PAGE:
. . . She was well brought up, but was not at all learned. . . . But the unusual richness of her intellectual nature, the delicacy and swiftness of her thought, her marvelous facility in understanding, grasping and assimilating the most difficult subjects, such as would require from anybody else years of laborious study; . . . these gave her such an unusual superiority, . . . that she could never avoid attracting general attention, and the consequent envy and animosity of all those who, in their trivial inferiority, felt wounded by the splendor of the faculties and talents of this really marvelous woman. (Cranston, p. 151)

HPB wrote to her family about the change which came over her in writing Isis, mentioning the presence of a Hindu supervising her conduct and her writing, along with her struggles to cope with a double identity during this period. In Volume I of Isis, entitled Science, Blavatsky examined the ancient systems of philosophy and cryptic science, thus unearthing their true foundations. By the close of Volume II (Theology), she traced the hidden traditions of ancient religions pre-dating the Vedas and early Jain, Buddhist, Egyptian and Chaldean teachings; finding the same Esoteric stream in the later Gnostic, Platonic, Kabbalistic and Judeo-Christian systems. Blavatsky established that “MAGIC is spiritual WISDOM” and that “One common vital principle pervades all things, and this is controllable by the perfected human will” (IU II:590).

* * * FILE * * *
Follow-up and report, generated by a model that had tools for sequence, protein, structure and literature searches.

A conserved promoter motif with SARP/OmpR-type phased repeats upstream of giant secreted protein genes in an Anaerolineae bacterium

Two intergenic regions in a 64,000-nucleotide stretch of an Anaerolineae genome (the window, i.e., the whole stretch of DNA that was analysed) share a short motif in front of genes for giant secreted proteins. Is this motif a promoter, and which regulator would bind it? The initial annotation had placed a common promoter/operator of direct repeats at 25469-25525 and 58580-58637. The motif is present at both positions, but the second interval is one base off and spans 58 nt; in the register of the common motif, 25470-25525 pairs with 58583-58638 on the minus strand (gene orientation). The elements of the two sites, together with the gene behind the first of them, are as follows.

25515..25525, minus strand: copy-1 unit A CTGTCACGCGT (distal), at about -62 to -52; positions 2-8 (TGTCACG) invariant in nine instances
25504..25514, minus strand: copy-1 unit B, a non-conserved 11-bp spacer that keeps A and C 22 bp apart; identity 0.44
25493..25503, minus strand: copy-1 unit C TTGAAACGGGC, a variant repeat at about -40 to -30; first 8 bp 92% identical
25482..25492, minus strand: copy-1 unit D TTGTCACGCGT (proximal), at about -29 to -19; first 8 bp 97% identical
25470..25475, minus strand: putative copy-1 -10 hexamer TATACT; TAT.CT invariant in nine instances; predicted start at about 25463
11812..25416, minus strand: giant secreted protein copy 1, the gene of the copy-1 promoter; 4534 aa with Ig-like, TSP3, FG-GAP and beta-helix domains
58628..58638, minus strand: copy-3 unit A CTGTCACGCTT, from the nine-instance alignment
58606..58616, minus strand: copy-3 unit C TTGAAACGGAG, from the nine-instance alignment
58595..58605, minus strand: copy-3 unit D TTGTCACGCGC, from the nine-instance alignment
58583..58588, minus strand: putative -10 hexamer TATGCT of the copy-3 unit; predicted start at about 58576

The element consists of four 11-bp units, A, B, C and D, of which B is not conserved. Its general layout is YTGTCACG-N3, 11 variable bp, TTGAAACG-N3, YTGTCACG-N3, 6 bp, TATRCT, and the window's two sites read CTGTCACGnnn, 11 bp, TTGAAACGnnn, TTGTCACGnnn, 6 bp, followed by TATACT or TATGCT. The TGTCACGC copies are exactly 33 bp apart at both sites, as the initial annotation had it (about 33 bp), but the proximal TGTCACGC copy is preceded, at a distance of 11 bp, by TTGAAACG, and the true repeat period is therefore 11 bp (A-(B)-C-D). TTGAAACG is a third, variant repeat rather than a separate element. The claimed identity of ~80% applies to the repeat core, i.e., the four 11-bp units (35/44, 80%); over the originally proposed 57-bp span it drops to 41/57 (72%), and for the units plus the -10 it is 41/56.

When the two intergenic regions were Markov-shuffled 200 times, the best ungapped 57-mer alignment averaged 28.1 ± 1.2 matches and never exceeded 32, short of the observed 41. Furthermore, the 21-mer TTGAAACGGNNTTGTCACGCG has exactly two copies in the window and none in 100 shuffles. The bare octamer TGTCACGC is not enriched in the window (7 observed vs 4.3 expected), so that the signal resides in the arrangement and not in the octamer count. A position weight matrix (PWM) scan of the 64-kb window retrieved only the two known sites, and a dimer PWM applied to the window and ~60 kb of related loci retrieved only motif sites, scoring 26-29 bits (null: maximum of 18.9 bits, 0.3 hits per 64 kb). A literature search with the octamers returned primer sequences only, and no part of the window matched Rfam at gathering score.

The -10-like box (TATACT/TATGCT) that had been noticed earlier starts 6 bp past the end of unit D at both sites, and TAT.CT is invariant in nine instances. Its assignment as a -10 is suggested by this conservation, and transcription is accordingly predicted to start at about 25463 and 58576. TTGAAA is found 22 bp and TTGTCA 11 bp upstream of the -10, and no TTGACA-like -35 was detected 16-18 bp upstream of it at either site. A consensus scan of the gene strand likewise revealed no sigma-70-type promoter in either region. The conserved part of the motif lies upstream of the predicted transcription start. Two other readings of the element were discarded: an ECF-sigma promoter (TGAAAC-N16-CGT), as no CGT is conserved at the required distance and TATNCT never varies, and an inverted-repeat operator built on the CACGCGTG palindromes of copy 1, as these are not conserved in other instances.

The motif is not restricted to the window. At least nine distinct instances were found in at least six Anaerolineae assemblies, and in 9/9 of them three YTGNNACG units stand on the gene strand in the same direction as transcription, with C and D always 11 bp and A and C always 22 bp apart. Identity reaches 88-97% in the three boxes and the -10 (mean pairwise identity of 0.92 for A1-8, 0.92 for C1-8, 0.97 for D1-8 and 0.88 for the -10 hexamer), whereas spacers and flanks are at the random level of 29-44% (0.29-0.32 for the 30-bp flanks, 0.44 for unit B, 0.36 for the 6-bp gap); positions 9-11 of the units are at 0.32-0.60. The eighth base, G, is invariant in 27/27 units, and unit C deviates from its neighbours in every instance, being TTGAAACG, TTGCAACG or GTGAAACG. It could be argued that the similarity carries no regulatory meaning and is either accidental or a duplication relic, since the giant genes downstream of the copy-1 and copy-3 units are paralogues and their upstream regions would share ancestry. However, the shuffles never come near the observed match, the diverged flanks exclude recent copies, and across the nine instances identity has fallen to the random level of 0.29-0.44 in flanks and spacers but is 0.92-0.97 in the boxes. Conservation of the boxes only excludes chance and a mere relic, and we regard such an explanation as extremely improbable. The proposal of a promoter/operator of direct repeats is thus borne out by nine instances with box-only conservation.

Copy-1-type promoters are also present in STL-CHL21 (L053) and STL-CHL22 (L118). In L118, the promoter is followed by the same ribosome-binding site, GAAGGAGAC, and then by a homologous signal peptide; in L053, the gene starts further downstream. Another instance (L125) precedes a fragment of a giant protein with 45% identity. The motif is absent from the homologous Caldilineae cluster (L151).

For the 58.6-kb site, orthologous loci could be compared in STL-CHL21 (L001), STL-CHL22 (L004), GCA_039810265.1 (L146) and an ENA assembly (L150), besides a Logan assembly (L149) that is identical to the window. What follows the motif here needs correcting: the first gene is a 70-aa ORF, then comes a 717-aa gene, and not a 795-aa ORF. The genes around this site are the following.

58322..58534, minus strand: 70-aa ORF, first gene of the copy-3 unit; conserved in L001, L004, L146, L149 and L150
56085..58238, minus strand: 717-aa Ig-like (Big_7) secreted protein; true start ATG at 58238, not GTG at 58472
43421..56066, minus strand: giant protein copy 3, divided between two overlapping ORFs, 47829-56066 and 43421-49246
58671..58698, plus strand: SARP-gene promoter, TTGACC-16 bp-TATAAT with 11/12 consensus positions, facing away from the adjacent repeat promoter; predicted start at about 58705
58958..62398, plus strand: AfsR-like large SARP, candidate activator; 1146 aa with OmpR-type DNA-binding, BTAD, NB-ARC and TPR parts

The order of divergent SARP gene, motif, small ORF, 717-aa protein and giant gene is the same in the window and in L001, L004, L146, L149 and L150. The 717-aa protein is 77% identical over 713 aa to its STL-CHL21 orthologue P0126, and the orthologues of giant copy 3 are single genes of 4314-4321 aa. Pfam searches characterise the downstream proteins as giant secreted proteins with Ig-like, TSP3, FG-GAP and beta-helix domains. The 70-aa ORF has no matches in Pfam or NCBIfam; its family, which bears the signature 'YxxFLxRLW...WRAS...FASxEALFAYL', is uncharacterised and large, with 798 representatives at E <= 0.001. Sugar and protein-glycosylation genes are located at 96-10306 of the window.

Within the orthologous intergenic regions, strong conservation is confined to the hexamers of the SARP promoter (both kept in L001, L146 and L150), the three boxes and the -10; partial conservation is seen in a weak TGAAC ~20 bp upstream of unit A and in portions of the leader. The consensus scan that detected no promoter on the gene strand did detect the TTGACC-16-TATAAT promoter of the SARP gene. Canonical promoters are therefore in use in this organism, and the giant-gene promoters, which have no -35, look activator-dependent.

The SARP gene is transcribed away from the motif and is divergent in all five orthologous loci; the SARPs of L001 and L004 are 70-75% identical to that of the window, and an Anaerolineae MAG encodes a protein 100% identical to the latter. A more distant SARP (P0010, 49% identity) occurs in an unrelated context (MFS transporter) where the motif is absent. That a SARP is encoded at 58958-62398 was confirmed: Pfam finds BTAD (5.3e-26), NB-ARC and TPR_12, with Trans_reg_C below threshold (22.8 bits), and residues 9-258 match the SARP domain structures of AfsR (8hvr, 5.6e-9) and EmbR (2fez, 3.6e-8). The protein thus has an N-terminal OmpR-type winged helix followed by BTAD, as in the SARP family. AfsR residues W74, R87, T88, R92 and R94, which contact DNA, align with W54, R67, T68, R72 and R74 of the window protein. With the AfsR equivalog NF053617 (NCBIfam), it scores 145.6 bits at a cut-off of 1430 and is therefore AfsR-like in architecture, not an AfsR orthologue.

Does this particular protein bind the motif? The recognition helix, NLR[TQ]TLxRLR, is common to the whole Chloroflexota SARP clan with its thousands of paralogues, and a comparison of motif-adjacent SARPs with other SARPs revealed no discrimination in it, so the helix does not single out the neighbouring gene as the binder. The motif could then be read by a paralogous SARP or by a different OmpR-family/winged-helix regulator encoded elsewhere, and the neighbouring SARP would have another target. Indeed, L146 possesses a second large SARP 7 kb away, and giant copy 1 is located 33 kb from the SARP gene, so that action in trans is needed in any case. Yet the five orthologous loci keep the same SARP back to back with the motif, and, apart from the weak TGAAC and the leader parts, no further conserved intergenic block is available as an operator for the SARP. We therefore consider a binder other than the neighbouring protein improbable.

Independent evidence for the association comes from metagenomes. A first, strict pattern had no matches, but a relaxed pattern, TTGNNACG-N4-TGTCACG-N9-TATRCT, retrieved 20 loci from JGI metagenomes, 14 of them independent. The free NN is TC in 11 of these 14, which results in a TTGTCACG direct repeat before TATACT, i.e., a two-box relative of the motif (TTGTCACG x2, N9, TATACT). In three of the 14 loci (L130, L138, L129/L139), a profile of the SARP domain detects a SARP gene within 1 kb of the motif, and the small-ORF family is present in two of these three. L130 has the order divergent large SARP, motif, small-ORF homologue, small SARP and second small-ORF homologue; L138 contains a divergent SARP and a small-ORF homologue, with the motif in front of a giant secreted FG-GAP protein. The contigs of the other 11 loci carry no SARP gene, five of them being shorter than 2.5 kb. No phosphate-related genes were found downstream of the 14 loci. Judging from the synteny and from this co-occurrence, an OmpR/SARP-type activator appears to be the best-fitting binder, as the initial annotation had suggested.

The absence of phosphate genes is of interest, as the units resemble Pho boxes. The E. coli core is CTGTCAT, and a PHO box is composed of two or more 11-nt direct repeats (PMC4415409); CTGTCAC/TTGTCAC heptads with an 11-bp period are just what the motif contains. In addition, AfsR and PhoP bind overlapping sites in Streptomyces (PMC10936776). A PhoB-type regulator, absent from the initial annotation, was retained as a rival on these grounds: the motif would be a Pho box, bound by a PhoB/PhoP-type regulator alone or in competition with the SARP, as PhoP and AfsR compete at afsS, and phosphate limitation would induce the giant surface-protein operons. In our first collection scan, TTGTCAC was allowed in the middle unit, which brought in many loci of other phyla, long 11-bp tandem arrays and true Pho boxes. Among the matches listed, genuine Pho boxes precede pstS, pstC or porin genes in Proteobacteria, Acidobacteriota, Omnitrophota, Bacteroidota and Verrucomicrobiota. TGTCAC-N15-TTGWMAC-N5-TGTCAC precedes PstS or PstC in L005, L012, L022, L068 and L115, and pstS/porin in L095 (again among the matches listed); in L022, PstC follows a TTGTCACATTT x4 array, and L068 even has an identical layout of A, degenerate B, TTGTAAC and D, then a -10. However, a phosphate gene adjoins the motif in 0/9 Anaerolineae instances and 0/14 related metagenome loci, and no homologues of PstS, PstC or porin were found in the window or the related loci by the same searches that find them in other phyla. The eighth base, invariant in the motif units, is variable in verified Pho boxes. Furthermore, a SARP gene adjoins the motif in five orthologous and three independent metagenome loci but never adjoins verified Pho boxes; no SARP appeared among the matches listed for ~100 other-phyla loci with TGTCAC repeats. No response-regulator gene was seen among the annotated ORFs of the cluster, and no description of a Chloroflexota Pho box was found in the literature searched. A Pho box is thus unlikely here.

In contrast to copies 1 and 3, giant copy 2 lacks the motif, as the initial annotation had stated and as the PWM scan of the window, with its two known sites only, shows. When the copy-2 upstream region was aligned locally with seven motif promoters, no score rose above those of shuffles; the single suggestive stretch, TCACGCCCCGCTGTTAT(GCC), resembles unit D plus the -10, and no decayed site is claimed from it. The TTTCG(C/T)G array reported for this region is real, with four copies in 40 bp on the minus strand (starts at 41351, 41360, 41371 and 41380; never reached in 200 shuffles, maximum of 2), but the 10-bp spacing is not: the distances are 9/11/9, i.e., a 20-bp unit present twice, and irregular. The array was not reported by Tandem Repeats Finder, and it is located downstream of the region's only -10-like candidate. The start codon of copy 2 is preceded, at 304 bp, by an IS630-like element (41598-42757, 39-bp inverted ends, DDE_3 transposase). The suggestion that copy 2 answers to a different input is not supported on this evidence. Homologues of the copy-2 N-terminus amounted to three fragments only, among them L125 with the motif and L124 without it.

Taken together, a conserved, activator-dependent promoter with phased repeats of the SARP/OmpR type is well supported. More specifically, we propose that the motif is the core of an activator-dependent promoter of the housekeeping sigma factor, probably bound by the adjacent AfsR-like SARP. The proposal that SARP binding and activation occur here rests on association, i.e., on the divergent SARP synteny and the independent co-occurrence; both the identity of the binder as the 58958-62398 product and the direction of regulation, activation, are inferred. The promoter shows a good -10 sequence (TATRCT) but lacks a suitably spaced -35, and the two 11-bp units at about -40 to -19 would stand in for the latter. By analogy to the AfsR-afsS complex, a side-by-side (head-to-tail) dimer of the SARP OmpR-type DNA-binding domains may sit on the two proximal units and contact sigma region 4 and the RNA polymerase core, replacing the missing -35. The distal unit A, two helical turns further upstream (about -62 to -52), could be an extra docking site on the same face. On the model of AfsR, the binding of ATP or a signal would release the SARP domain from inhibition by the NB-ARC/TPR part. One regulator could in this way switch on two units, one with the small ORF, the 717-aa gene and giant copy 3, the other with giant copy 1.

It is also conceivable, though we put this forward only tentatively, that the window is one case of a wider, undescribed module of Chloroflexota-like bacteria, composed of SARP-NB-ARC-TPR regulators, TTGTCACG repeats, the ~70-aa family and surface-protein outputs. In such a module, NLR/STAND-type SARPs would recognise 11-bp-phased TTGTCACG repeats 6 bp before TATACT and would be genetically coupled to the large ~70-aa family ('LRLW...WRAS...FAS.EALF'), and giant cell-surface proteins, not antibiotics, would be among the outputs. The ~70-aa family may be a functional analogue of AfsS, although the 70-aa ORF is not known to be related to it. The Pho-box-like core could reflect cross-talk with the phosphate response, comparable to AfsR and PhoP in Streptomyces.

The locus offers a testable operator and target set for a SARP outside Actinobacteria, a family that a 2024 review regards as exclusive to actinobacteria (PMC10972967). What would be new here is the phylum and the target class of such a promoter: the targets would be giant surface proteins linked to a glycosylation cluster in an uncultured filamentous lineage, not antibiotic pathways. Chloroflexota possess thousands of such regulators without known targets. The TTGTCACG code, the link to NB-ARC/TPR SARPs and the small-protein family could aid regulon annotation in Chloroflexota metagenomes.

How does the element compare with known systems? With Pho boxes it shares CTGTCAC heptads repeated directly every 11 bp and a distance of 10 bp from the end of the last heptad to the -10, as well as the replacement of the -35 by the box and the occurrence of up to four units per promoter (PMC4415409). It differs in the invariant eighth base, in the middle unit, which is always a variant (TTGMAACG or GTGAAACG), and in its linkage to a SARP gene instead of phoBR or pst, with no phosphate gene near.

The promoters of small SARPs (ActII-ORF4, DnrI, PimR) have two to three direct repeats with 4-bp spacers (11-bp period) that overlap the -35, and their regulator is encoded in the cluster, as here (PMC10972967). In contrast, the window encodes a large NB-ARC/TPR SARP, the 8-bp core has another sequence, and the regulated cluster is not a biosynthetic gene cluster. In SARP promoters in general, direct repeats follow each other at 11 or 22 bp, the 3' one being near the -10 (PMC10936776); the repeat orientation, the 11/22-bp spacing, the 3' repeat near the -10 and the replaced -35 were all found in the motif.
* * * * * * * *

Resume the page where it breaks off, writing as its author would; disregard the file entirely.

In May of 1878, according to Josephine RANSOM (A Short History of the Theosophical Society: 1875-1937. Adyar: T.P.H., 1938, p. 106), HPB received orders from her Masters to begin preparations for eventual departure to India. Apparently the co-founders believed the move to be exploratory. She never returned to the U.S., but did become an American citizen on July 8, 1878, before leaving. Blavatsky later explained that it was the intention of her teachers to vitalize three centers of Theosophy in the world: America, India, and Europe.